Childhood & Early Life
Robert Nesta Marley was born on February 6, 1945, in Nine Mile, British Jamaica, to Norval Sinclair Marley and Cedella Booker. At the time of Bob Marley’s birth, Norval was working as a supervisor at a plantation and Cedella was a singer-songwriter.
A young Bob Marley pursued his education at the 'Stepney Primary and Junior High School,' located at the Saint Ann Parish in Jamaica. His father succumbed to a heart failure when Bob was just ten years old.
In school, he had a friend named Neville Livingston (later known as Bunny Wailer), whose father Thadeus had a daughter named Pearl with Bob's mother Cedella. The two boys began collaborating on music and soon formed a band along with their friends, Beverley Kelso, Junior Braithwaite, and Peter Tosh.
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It was in 1962 that Marley first released his singles, 'Do You Still Love Me?,' 'Judge Not,' 'Terror,' and 'One Cup of Coffee' with the help of recording artist Leslie Kong.
The following year, the music band changed its name several times before settling on 'The Wailers.' It was initially named 'The Teenagers,’ then 'The Wailing Rudeboys,' and then 'The Wailing Wailers.' Coxsone Dodd, the owner of a record company, took notice of the band only after it was named 'The Wailers.'
In 1963, ‘The Wailers’ produced their debut track 'Simmer Down' under Coxsone's banner. In 1965, the reggae band released their first album 'The Wailing Wailers,' which had the successful single, 'Rude Boy.'
In 1966, however, lead artistes Junior Braithwaite and Beverley Kelso left the band to pursue their solo careers.
'The Wailers' released their first international album 'Soul Rebels' in 1970, with the help of recording artist, Lee ‘Scratch’ Perry. The album was produced by 'Trojan Records' in the United Kingdom, and it became highly successful. It was later released by different music companies on several occasions.
In 1971, the band released two popular albums, 'Soul Revolution' and 'The Best of the Wailers.' Ironically, the latter contained new tracks and was not a collection of the songs produced earlier.
The next year, Marley signed a contract with London-based 'CBS Records' and collaborated with American musician Johnny Nash for a tour of UK. During the same time, they got acquainted with the owner of 'Island Records,' Chris Blackwell.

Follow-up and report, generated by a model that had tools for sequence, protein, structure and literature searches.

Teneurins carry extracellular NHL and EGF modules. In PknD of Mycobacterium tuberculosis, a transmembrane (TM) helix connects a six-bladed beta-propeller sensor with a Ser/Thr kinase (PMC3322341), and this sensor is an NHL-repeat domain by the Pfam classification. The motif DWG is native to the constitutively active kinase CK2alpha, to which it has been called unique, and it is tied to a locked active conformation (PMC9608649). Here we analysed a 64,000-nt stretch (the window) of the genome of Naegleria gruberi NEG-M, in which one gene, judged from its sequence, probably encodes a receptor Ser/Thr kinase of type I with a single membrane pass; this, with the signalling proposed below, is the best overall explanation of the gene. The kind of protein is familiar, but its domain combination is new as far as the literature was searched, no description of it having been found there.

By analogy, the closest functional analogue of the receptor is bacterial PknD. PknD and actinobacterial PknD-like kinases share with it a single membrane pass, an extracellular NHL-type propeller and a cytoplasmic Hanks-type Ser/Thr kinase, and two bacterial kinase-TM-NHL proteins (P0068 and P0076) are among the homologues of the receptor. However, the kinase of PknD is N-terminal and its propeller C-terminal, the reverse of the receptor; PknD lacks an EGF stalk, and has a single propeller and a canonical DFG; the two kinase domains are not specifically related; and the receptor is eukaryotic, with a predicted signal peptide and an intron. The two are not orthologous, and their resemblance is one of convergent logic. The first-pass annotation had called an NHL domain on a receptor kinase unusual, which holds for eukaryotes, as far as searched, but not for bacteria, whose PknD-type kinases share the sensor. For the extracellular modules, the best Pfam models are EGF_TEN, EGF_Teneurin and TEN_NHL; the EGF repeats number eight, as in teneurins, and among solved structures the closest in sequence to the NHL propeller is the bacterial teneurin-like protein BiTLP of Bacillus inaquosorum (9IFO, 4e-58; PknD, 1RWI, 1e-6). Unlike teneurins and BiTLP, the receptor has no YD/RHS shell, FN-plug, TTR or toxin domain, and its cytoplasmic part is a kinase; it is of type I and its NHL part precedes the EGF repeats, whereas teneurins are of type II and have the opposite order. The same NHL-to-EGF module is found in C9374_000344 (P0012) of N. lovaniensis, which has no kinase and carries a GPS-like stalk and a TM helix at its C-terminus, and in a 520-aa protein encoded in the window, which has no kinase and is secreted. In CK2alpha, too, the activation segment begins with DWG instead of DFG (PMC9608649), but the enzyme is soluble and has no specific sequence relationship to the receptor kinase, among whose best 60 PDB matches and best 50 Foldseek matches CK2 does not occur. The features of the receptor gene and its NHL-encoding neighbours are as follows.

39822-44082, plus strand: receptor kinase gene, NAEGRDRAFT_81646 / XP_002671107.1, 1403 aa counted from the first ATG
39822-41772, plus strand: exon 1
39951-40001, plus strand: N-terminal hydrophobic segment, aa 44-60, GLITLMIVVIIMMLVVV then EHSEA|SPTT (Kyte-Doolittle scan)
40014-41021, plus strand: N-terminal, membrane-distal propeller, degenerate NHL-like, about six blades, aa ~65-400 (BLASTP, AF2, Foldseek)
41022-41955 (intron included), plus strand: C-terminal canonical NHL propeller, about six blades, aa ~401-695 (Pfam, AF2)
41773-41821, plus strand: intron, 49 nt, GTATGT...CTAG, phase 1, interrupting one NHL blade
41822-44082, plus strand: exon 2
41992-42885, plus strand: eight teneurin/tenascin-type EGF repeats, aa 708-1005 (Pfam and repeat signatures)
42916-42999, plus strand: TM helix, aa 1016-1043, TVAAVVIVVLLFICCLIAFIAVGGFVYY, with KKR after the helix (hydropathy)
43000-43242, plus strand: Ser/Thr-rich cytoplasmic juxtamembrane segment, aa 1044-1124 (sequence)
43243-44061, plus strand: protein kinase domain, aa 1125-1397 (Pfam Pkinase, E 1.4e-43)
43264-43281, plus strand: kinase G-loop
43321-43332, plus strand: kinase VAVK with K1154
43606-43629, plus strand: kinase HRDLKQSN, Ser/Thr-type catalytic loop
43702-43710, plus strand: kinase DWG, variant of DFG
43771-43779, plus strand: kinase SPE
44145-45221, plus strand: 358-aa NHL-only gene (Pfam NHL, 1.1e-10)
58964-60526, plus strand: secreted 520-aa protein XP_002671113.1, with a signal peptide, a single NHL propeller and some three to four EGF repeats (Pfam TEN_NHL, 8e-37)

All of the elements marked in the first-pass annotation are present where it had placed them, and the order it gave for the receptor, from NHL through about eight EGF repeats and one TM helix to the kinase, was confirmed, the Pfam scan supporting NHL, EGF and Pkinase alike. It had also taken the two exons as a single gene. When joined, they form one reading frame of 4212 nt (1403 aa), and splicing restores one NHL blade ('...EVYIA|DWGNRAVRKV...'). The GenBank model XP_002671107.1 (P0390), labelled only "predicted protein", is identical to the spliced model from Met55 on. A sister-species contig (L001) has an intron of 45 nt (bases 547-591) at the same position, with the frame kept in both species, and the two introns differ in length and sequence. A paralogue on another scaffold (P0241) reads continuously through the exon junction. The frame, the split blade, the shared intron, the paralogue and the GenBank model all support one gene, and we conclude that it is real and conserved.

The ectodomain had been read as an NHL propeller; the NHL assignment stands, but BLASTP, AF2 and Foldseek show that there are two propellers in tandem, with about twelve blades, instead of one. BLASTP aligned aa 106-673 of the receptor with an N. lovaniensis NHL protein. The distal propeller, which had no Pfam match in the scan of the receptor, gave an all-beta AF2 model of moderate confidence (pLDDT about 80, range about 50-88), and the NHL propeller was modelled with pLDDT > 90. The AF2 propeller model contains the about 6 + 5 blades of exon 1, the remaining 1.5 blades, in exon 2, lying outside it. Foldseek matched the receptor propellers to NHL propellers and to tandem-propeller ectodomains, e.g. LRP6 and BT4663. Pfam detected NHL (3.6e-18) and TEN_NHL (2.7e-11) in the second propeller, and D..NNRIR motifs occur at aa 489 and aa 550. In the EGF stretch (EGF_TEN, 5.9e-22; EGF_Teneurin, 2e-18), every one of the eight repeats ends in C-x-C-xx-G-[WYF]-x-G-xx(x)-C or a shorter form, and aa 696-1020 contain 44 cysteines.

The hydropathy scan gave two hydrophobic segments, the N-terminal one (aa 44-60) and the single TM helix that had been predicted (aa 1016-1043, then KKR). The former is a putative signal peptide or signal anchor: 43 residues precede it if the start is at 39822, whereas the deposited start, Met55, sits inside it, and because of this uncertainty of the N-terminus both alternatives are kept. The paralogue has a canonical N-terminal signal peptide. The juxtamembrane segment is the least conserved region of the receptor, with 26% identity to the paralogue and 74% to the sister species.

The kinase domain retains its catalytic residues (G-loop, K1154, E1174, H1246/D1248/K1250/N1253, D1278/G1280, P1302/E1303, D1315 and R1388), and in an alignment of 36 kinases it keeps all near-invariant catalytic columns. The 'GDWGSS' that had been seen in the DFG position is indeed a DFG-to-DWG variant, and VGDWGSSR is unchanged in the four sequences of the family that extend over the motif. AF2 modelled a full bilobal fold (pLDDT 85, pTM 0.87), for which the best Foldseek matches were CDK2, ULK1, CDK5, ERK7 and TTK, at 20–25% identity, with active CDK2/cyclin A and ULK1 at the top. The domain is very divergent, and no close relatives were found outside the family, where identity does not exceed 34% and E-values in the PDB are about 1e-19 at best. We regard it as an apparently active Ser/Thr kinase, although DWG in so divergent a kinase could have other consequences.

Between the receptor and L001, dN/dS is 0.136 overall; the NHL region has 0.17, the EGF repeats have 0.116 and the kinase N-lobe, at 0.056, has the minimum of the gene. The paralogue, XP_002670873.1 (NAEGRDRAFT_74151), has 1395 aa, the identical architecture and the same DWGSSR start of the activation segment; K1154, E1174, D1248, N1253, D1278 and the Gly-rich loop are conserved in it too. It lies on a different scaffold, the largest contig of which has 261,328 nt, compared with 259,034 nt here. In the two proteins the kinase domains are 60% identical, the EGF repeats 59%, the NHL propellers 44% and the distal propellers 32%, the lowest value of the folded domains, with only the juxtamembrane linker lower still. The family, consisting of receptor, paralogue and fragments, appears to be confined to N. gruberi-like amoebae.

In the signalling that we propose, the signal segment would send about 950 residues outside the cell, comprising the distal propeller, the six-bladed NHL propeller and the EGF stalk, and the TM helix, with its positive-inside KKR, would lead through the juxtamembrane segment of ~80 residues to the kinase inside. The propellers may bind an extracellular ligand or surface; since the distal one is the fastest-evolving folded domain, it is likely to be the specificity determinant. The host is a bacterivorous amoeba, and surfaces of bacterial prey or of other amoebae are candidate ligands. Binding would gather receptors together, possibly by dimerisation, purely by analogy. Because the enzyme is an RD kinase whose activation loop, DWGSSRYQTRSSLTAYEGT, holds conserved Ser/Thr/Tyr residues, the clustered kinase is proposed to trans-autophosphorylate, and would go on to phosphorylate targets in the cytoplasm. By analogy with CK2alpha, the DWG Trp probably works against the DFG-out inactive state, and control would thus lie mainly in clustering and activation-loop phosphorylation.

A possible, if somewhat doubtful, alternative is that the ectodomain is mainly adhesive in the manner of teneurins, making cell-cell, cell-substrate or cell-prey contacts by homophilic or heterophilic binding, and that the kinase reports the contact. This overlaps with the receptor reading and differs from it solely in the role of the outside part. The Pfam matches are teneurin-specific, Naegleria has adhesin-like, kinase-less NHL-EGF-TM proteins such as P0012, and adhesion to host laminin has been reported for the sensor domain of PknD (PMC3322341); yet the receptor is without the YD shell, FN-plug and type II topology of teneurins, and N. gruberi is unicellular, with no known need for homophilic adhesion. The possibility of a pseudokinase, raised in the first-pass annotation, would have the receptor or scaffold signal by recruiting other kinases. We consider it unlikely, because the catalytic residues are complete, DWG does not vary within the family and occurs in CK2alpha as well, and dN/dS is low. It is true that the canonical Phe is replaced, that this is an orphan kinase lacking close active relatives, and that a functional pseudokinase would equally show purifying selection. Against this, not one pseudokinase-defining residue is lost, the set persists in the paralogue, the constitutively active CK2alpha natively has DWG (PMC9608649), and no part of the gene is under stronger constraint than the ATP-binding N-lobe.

In 1972, Blackwell proposed that 'The Wailers' release a new album and made an advance payment of £4,000. He also signed Marley on for his record company as a substitute for the famous reggae artiste, Jimmy Cliff.
In 1973, 'The Wailers' released their next album 'Catch a Fire' for the label, 'Island Records.' It was moderately successful, with 14,000 copies being sold. The same year, the album 'Burnin' was produced, containing the hit track, 'I Shot the Sheriff.'
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In 1974, Bob's band was supposed to kick-start 17 concerts in the US, before other music groups took over. However, their popularity had grown to such an extent that their performance had to be stopped after the first four concerts.
The same year, 'The Wailers' disbanded, but Marley continued to produce solo albums and singles under the name 'Bob Marley and The Wailers.' The famous singer released the solo album 'Natty Dread' in the year 1974, with popular singles like ‘No Cry’ and ‘No Woman.’
In 1975, Bob recorded the album 'Live!' along with his new band members, Tyrone Downie, Al Anderson, Junior Marvin, as well as brothers Aston and Carlton Barrett. The following year, he also produced the album 'Rastaman Vibration,' with the hit single, 'War.'
During 1977-78, Marley produced albums, such as 'Exodus,' 'Kaya,' and 'Babylon by Bus.' Around the same time, he made an appearance at the 'One Love Peace Concert' in Jamaica.
In the next two years, Marley released the commercially successful album 'Survival,' which had heart-rending tracks like 'Africa Unite,' 'Zimbabwe,' and 'Wake Up and Live.' He also released the album 'Uprising,' which had famous singles like 'Redemption Song' and 'Forever Loving Jah.'
During the same period, he performed at Boston's 'Amandla Festival' and at Pennsylvania's 'Stanley Theater.'
Personal Life & Legacy
In 1966, Bob Marley converted from Catholic to 'Rastafari' religious faith, inculcating the movement's rituals and culture into the reggae music he played. He also used marijuana and continued using it despite being arrested once for possession of the drug.
Marley got married to Alpharita Constantia Anderson, commonly known as Rita, on February 10, 1966, in Kingston. The couple had three children, Cedella, Ziggy, and Stephen.
Though he was married only to Rita, the singer had children from other relationships too. He also adopted the children Rita had borne from other affairs.
In 1976, while on a free concert named ‘Smile Jamaica,’ which was organized by the Jamaican Prime Minister Michael Manley to dissolve warring political tensions, Marley, his wife, and manager Don Taylor were assaulted by gunmen in his house. His wife and manager sustained severe injuries, while Marley suffered minor wounds.
In 1977, Marley was diagnosed with malignant melanoma, a kind of incurable skin cancer. It took four years for the disease to spread, and his health deteriorated.
The revered singer succumbed to his illness on May 11, 1981, at Miami's 'Cedars of Lebanon Hospital.' The funeral service, presided over by Prime Minister Edward Seaga, was held in Jamaica and Marley’s mortal remains were interred at a chapel in his hometown, Nine Mile.
In 1983, a posthumous album titled 'Confrontation,' containing the single 'Buffalo Soldier' was released.
Statues of this great singer have been erected at Kingston, Jamaica, as well as in the Banatski Sokolac village of Serbia.
Many festivals are held all around India to commemorate this brilliant singer's works. In 2012, the movie 'Marley,' directed by Kevin Macdonald, was released.